You may have seen the news that, as of next month, Google and Yahoo are now requiring bulk email senders to have DKIM and DMARC records set up for their email. This is a long overdue good thing in the fight against spam.

But should you care, and do you need to do anything about it?

The fundamental problem with email (and most electronic communication methods) is anyone can put whatever they want as the “from” address of an email. Just like you can write any return address on the top left of an envelope you mail through the postal service, you can put whatever you want as the “from” address on an email, even someone else’s email address.

The acronyms SPF, DKIM, and DMARC stand for different but complementary ways to address this problem. They do this by enabling recipients to check whether a given sender actually sent the message or not and provide directions from the sender on what to do with emails that are questionable.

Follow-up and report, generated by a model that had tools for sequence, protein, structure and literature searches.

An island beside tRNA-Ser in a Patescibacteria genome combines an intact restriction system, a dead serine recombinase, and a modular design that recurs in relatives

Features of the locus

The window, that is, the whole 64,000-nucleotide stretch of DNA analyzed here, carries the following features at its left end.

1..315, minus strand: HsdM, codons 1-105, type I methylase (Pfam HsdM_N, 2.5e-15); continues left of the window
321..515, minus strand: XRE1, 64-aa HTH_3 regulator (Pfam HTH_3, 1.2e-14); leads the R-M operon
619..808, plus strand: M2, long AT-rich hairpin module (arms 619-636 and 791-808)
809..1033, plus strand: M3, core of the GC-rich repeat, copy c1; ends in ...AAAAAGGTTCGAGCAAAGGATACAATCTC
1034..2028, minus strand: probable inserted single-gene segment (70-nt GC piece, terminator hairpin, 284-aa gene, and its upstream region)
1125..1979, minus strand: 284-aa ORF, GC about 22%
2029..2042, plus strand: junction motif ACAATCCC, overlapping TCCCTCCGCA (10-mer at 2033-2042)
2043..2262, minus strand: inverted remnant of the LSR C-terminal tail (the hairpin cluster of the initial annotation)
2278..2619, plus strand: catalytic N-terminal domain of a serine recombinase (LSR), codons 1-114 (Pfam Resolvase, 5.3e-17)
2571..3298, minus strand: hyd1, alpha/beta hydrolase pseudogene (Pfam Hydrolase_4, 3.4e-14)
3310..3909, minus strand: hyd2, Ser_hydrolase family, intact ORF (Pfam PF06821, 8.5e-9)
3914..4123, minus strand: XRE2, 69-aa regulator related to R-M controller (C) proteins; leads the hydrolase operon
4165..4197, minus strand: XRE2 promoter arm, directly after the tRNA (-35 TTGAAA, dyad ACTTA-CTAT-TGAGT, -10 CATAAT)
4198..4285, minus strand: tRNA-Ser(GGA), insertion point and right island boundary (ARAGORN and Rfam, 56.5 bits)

All Hybridge clients have SPF set up, and most have DKIM. DMARC is a reporting and control framework that leverages SPF and DKIM, but for DMARC to work effectively, a subscription to an email reporting service is required to see how many emails and from what senders are being blocked. This is important to make sure all senders you want to send “as” you make it to the intended recipient. For example, your newsletters, emails from your fund administrator, from your Zoom, if you white labeled it, need to be tracked and correctly authorized to be able to pass through spam filters.

Hybridge uses Dmarcian for this, subscriptions are $20/month/domain name and setup takes an hour or two. If you send significant numbers of emails, please contact us so we can work through the process of setting up DMARC with you this month.

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